DISM according to Microsoft’s own site, and I quote:
DISM: Deployment Image Servicing and Management (DISM.exe) is a command-line tool that can be used to service and prepare Windows images, including those used for Windows PE, Windows Recovery Environment (Windows RE) and Windows Setup. DISM can be used to service a Windows image (.wim) or a virtual hard disk (.vhd or .vhdx). DISM comes built into Windows and is available through the command line or from Windows PowerShell.
You’ve probably read many articles telling you to use this to fix your system. But maybe you are intimidated by the Command Prompt or the PowerShell. Don’t worry citizens, there’s a free simple utility to help you.
It’s called DISM-GUI from: www.paehl.de/dism-gui and, as the name suggests, it provides a front-end (Graphical User Interface) for running DISM commands.
DISM-GUI downloads as a 7zip file. Decompress it and run either DISM_GUI_X86 (32 bit systems) or DISM_GUI_X64 (64 bit systems). I used this recently when I was having some video issues with my system freezing up so I decided to run this to be sure that no system files were corrupted.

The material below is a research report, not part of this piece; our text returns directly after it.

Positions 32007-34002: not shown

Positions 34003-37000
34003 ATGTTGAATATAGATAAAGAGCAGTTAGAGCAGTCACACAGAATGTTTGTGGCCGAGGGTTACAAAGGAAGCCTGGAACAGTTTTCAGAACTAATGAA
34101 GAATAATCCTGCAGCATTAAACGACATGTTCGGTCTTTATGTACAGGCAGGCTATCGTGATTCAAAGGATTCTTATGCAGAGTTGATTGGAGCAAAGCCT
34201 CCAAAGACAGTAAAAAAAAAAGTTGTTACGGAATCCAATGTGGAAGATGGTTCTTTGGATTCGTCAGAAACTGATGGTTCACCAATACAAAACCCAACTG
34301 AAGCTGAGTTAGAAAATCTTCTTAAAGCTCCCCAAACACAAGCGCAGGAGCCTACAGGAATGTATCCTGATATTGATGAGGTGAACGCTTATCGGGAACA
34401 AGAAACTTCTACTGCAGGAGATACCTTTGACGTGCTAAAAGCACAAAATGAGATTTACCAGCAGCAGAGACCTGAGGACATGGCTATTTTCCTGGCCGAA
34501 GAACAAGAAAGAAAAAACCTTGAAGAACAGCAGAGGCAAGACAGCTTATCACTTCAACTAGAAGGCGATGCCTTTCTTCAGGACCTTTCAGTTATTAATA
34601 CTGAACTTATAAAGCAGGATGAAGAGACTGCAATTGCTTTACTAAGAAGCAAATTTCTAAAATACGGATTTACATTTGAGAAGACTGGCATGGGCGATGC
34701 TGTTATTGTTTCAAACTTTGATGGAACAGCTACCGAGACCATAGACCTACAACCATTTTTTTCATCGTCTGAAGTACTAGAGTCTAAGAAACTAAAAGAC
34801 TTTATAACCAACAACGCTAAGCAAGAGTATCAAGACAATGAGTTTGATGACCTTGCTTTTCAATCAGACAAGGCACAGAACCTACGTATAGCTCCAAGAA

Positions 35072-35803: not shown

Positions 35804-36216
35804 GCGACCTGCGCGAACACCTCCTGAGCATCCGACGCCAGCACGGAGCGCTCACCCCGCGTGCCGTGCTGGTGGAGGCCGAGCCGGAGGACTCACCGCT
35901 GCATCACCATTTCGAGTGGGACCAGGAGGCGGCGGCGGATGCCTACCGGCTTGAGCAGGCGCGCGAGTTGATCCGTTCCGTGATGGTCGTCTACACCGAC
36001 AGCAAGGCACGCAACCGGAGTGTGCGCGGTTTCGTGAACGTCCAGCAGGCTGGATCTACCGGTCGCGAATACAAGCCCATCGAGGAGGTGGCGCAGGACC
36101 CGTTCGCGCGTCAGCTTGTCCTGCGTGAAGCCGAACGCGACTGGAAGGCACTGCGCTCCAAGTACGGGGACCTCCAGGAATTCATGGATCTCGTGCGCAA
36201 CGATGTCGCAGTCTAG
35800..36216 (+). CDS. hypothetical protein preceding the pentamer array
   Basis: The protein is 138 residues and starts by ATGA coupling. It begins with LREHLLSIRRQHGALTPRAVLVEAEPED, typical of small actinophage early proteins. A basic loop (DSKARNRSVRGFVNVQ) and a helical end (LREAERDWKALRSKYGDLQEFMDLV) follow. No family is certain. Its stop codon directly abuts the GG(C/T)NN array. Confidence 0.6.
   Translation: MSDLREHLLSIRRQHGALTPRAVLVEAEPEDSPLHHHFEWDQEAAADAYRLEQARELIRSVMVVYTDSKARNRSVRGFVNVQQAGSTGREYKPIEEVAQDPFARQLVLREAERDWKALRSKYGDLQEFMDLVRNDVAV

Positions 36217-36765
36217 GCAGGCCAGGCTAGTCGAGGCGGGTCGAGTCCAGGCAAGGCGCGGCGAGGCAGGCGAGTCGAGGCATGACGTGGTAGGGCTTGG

In my case, I clicked on the Repair button first and when that finished I clicked on the SFC button. When you click the Repair button, you’ll get a Command Prompt window with a timer showing the progress.
If all is well, you will end up with a message saying The restore operation completed successfully.
Somewhat similar to SFC.
So, if you read an article telling you to run DISM or System File Checker (SFC), nothing could be easier.
By the way, the commands for an elevated Command Prompt or PowerShell are, in case you are interested:
- DISM /Online /Cleanup-Image /CheckHealth
- DISM /Online /Cleanup-Image /ScanHealth
- DISM /Online /Cleanup-Image /RestoreHealth
- sfc /scannow
That’s basically how to use this utility.